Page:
Electron Accelerator Made a Top Priority
Jefferson Lab scientists are designing an upgrade that would double their electron accelerator's capacity, hoping to probe deeper into the heart of nuclei to explain physical matter.
The upgrade, on the lab's books for seven years, won approval from the international nuclear physics community two weeks ago when a committee of representatives ranked it one of four long-term priorities for physics research.
The gesture doesn't automatically secure Department of Energy funding for the $150 million project, a step still in Congress' hands. But it lends more credence to the Newport News lab's intent to take its already world-leading facility to the next level.
"This makes us beggars with a better position," quipped Christoph W. Leemann, interim director of Thomas Jefferson National Accelerator Facility. "This was a major hurdle to make."
The project would build a fourth experimental hall onto the accelerator, an electron beam in the shape of a racetrack. The halls are workstations booked years in advance by scientists worldwide to study the movement of electrons.
But the highlights of the accelerator's upgrade are its appendages that would boost the energy of electrons from 6 billion electron volts to 12 billion electron volts, flying them around the curves at the speed of light.
The higher the energy, the deeper scientists can explore into protons and neutrons to study quarks, the basic building blocks of matter.
The deeper scientists can explore, the more clearly they'll see how quarks behave, finally proving long-assumed theories or creating never-anticipated ones.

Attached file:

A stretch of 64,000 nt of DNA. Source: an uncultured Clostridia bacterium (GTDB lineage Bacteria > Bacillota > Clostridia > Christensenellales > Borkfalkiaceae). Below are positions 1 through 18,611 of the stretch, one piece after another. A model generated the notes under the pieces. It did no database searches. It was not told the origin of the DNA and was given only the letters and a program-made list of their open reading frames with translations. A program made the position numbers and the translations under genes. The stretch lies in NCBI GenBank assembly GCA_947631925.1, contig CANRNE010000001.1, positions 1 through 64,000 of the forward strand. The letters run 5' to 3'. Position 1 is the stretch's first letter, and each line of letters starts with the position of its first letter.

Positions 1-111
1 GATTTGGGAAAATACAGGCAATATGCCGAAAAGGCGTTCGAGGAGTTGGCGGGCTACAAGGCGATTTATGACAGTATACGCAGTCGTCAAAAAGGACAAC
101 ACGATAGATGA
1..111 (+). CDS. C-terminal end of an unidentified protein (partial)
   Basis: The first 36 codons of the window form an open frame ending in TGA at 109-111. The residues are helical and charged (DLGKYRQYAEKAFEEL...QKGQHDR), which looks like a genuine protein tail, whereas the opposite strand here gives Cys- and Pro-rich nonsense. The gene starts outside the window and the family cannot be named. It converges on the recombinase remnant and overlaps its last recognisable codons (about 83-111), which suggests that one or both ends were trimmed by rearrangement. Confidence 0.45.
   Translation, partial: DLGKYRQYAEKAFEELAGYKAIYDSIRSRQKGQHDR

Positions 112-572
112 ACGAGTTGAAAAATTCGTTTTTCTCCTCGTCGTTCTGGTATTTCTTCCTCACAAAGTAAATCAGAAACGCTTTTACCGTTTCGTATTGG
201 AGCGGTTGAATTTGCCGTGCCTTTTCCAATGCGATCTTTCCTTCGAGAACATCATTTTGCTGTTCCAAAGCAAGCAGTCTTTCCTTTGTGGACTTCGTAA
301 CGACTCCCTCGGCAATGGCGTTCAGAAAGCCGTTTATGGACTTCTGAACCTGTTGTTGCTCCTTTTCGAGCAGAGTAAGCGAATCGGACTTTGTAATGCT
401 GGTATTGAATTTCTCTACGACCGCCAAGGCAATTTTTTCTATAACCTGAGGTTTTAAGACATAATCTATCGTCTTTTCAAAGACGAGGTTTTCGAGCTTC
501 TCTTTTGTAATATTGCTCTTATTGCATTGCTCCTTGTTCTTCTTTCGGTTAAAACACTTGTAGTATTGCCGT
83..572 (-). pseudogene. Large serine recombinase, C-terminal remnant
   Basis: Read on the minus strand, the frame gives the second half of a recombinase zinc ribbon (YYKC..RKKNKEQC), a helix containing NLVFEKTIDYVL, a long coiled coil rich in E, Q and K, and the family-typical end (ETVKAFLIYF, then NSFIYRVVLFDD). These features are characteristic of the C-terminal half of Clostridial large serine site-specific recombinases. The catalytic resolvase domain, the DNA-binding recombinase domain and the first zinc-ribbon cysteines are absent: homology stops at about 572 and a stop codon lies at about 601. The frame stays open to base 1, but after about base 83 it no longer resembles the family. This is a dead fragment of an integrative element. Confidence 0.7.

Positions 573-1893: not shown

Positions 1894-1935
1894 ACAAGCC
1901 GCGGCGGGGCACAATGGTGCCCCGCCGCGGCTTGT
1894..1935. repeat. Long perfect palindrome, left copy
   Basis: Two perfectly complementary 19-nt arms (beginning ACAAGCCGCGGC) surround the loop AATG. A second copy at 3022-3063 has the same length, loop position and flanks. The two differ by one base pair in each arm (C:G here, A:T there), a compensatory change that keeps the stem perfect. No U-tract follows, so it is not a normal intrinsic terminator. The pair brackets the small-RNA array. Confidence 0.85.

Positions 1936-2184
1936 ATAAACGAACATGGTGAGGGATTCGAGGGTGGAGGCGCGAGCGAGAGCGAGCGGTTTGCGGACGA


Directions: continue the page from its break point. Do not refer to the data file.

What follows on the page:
The higher resolution would be similar to studying a firefly at the center of a football stadium. It would allow scientists even to detect the glue that holds quarks together — previously pristine physics territory.
And the more scientists learn about the smallest particle, the more they can understand the biggest phenomena, such as Big Bang and the evolution of the universe.
"Now really is the time to think about physics just beyond our reach with current facilities," said Donald F. Geesaman, director of the physics division at Argonne National Laboratory in Illinois. "We need to try to understand what is the next physics we want to do."
The Long Range Plan Working Group of the Nuclear Science Advisory Committee, of which Geesaman was a member, wholeheartedly placed the accelerator upgrade above seven other funding proposals, including electron ion collider research and a gamma-ray tracking detector, which can track and study several-hundred matter particles flaying from a single electron collision.
Money for the upgrade looks unlikely in fiscal year 2002, for which President Bush's proposed budget doesn't even allot an inflationary increase to the DOE's nuclear physics section.
But Leemann always had his eyes set on fiscal years 2003 and 2004. He hopes to start construction on the accelerator in 2004, and if funding is constant, finish the build-out by 2007 or 2008. Up to 20 percent of the tab will be picked up by foreign contributors, mostly groups that perform experiments at the lab.
"For decades to come, there isn't any competition in the world planned to be able to reach this type of physics," said Allison Lung, a staff scientist in Jefferson Lab's physics division. "We're the only ones."
— Reach Vandana Sinha at firstname.lastname@example.org or 446-2318.